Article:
Men who stare

We really like it when attention in the media is given to the pervasiveness of street harassment. And while we don't discourage public conversation about the issue, we wonder about the true effectiveness our message.

Consider the article, Men who stare, that appeared Friday in the Guardian. While we applaud Abby O'Reilly for writing the piece and starting her own new blog on the topic (don't look don't touch), we're a little miffed about how these stories keep being rewritten, asking the same questions again and again, providing no solution and inadvertently encouraging further cyclical flaming in comment sections (which is not necessarily the fault of the authors). While explaining her own background with gendered harassment, O'Reilly asks the standard questions: is this a symptom of patriarchal culture? is it threatening if it's funny? how do you fight back and remain safe? are men victims too? And while O'Reilly is a clear writer who highlights very important points, I wish every article on the topic didn't end so similarly:
But will public humiliation and shaming help to eradicate this problem? Or do we need to take a grassroots approach, providing greater education at school level to permanently remove the need to grab, grope and leer from the male psyche? Can we help initiate change, or is that something confined to the male realm? Whatever the case, all I can say with certainty is that the next time I'm followed on the tube or accosted in the street by a random man I'll make sure my distaste is well and truly registered.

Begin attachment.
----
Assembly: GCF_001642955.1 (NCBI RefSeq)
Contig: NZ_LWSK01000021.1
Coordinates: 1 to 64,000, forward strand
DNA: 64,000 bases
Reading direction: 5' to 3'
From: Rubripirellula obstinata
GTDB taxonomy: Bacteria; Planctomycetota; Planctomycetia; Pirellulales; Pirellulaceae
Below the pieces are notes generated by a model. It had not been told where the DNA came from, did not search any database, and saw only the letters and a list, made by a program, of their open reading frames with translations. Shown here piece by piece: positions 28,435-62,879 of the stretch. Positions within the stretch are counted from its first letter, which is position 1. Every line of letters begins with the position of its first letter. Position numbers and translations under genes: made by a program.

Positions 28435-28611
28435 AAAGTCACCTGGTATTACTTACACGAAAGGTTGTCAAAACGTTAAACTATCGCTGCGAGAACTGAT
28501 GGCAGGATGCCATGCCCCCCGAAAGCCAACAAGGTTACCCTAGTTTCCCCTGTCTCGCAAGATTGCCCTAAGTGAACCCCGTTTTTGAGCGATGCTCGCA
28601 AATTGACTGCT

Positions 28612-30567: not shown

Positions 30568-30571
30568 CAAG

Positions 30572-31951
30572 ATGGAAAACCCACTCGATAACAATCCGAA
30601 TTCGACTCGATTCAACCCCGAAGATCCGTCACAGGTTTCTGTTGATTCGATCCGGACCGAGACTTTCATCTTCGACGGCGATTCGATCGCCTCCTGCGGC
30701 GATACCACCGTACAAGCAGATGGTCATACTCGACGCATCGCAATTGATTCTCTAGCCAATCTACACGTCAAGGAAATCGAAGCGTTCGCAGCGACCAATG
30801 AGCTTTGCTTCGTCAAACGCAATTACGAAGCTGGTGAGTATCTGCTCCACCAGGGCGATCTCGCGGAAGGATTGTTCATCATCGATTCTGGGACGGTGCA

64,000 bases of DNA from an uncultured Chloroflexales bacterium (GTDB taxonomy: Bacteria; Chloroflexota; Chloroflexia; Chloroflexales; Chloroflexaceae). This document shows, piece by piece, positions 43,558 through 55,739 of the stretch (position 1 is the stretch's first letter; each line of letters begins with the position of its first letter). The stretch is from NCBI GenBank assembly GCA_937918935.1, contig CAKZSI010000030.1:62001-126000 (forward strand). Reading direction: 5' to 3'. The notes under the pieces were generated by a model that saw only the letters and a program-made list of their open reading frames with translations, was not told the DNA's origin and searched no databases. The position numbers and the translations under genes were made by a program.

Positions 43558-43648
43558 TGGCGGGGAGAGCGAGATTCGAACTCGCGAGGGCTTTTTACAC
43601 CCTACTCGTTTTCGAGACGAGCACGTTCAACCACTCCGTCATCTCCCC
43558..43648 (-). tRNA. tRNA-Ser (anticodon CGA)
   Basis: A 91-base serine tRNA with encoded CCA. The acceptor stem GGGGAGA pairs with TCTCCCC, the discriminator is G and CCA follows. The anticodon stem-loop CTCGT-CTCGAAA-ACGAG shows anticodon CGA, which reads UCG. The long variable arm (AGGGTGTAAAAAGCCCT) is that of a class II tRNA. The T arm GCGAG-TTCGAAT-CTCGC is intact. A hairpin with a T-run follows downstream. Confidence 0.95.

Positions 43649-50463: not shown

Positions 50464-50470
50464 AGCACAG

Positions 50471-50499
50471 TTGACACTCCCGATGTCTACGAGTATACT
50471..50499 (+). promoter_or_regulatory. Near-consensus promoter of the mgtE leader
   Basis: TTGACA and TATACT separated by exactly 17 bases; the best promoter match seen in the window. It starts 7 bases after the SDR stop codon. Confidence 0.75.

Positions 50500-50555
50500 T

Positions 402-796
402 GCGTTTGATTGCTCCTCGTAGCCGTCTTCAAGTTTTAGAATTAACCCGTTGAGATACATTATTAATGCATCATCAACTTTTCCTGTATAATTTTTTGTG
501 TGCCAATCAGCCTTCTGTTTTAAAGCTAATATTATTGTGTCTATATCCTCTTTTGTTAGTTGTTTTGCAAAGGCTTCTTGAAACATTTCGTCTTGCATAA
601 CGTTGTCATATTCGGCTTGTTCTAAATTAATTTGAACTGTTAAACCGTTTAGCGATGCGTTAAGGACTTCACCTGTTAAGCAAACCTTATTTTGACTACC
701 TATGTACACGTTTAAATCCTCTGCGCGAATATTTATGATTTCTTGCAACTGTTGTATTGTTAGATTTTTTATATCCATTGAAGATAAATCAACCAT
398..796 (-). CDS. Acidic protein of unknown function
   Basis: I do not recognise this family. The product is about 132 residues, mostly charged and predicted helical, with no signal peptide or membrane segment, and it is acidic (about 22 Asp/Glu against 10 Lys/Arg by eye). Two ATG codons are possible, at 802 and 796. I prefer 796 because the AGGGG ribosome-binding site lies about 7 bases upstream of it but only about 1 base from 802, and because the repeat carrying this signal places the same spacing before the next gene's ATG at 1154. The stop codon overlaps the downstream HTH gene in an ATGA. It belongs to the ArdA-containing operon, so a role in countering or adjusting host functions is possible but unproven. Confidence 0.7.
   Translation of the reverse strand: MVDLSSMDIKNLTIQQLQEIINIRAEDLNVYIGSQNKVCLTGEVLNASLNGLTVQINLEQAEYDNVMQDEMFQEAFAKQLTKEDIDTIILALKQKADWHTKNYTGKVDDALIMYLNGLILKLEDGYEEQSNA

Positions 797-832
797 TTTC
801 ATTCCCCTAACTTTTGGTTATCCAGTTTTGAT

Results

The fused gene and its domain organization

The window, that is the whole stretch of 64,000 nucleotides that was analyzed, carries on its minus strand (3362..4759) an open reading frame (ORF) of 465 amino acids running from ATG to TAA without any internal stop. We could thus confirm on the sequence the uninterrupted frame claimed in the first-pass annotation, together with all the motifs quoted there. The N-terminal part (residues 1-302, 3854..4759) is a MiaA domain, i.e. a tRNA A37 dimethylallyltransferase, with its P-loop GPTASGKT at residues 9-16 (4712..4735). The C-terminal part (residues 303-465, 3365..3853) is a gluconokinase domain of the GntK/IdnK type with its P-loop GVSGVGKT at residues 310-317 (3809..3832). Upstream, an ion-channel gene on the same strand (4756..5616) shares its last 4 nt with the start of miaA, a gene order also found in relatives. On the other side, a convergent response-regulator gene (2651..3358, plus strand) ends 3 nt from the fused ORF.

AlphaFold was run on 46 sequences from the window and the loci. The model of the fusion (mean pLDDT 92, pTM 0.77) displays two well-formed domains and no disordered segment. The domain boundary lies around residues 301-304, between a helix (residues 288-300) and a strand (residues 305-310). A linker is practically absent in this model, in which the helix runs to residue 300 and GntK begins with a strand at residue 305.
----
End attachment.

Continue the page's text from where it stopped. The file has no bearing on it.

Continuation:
It can be hard to list action steps without seeming to blame the victim or recommend what may be inappropriate in some situations. Women are often accused of attacking one another, and offering suggestions to some may offend others. But I wish by now, with street harassment being covered in the news now for quite some time, we could speak more proactively about how to protect ourselves, as well as educate men and equalize public space.

The problem is that no matter what women write, they will be criticized for explaining their experiences, often with the mocking responses of "that's your issue, not mine." O'Reilly followed up on her blog, and her post is refreshingly honest. She discusses how unsettling the comments on her article made her feel, and she lays out her points in more detail in with more clarity than is sometimes forced by a news article or opinion piece.

Ultimately, one of the things to be appreciated about the article is O'Reilly's distinction between harassment and pitiful men everywhere. While we're not ones to let folks off the hook simply because "they don't know better," we also encourage women to talk about what feels legitimately threatening and what doesn't, and then be ready to respond accordingly, including action steps to holla back and keep themselves safe in threatening situations. And while some of her writing frustrates us, that doesn't mean we don't agree with or fully support O'Reilly's aim. Every woman who speaks her truth is one less silent victim.

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